Reflections - A world without Jews: Interpreting the Holocaust

Alon Confino

Research output: Contribution to journalReview articlepeer-review

9 Scopus citations


It is my claim that a period of Holocaust consciousness stretching from the mid-1970s to the present is coming to an end. As the Holocaust now becomes part and parcel of history, memory, and the wider culture, a stage in the process of internalizing it comes to an end. This sense of pastness opens up new ways for understanding and interpreting it. In this essay, I discuss three interpretative notions that up to now have dominated historians' discussion of the Holocaust - racial ideology, radicalization of Nazi policy, and the context of war - and that in my view need to be rethought. The text shows how these notions were used in Holocaust historiography and how their use has been changing. I discuss future avenues of research. In particular, I suggest a new direction that builds on these notions and on new historiographical innovations, but that diverges from them. I propose to treat the persecution and extermination of the Jews as a problem of culture, a term that is admittedly vague but interpretatively rewarding: that is, narrating the world the Nazis and some Germans built - a Germany, and later a world, without Jews - and what they thought they were engaged in - namely, a necessary battle against their enemy, 'the Jew' - by placing memories, identities, fantasies, and symbols at the centre of the explanation.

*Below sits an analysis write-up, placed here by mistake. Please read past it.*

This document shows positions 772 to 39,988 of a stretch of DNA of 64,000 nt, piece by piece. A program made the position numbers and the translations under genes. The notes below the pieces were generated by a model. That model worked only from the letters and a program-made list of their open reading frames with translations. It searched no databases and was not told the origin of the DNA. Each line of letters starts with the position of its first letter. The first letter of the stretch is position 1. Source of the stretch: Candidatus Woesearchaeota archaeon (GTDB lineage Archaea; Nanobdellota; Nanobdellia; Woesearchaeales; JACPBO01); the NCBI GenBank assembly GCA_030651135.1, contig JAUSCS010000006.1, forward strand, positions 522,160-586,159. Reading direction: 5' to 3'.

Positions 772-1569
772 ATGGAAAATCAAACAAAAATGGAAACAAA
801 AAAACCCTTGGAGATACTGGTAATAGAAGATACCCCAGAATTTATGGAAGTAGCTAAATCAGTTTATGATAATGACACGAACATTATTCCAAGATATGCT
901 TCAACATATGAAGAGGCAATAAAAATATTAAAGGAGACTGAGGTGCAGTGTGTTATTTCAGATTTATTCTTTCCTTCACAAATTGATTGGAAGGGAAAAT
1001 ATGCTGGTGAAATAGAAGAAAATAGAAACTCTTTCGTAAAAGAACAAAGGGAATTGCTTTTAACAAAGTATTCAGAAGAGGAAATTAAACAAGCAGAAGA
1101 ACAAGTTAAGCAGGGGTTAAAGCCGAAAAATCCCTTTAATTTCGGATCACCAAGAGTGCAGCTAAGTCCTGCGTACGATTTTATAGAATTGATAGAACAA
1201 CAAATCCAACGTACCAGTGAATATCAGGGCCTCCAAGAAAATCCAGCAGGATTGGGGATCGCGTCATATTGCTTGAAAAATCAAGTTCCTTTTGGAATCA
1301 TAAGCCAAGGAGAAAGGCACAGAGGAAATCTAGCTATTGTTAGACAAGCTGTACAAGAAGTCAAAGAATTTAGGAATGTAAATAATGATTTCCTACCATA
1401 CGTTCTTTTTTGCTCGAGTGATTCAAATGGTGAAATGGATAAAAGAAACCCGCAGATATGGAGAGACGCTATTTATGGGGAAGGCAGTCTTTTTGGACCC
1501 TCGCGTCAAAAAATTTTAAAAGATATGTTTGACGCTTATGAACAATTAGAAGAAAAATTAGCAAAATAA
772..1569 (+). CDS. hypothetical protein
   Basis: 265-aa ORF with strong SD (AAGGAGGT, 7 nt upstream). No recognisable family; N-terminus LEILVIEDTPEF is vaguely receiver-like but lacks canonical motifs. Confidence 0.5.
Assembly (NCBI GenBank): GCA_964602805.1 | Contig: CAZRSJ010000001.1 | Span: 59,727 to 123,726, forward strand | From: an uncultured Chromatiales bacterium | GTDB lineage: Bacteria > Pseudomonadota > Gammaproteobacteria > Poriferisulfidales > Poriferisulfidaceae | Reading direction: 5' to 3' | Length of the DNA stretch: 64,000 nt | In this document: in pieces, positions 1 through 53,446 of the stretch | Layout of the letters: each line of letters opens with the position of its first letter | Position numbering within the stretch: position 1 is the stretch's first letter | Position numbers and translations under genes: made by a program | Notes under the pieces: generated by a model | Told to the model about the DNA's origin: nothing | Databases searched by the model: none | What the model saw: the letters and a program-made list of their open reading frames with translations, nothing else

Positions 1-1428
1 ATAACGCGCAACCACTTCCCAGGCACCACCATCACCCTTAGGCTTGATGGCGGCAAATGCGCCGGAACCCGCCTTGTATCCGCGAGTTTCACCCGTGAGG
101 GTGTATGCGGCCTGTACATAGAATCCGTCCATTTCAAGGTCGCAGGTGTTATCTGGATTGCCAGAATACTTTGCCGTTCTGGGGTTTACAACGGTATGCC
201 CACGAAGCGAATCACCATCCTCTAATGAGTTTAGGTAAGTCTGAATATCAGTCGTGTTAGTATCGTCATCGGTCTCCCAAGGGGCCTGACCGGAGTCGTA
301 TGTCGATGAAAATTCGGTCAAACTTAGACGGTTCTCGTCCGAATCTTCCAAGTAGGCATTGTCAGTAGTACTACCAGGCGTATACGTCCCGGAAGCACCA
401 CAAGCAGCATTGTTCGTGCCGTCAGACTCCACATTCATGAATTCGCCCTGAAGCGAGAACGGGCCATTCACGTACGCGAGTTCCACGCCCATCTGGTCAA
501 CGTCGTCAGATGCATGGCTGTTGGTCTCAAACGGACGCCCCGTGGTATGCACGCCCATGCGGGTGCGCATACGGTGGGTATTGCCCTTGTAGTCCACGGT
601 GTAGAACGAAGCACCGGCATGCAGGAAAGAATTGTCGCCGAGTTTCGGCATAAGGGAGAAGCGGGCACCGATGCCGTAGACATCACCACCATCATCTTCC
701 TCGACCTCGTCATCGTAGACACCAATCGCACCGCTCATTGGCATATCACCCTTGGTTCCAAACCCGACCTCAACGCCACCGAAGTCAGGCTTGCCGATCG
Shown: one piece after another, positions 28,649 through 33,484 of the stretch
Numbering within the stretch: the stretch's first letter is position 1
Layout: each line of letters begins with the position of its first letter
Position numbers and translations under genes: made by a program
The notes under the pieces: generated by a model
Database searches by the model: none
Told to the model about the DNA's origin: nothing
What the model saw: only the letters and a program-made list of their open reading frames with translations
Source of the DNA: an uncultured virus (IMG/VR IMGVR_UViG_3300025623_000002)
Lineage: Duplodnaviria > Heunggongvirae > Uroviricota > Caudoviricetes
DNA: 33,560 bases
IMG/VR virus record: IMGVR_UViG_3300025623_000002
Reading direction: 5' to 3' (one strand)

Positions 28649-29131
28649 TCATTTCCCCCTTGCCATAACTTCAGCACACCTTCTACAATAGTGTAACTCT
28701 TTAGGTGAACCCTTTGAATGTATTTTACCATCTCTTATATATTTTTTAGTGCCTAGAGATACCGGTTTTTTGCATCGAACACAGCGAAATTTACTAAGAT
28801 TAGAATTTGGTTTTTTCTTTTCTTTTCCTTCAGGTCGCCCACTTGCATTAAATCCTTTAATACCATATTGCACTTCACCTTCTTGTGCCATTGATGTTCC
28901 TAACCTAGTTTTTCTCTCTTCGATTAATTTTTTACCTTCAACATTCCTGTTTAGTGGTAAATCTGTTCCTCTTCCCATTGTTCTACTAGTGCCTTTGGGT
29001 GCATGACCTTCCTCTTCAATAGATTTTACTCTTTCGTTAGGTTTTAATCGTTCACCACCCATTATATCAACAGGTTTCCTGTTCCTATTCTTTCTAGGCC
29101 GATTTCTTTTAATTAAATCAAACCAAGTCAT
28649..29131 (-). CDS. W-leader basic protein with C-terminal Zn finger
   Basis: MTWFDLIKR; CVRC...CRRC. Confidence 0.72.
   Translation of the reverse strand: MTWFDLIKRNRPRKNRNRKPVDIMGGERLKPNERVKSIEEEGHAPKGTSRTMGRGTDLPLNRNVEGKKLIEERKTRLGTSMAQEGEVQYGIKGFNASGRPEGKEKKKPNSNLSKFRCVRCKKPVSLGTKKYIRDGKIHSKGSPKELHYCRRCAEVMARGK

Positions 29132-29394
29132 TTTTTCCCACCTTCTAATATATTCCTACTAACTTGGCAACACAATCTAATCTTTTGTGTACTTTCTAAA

Original languageEnglish
Pages (from-to)531-559
Number of pages29
JournalGerman History
Issue number4
StatePublished - 1 Oct 2009
Externally publishedYes


  • Historiography
  • Holocaust
  • Nazi culture
  • Nazi memories
  • Nazi radicalization
  • Racial ideology
  • Second World War

ASJC Scopus subject areas

  • History


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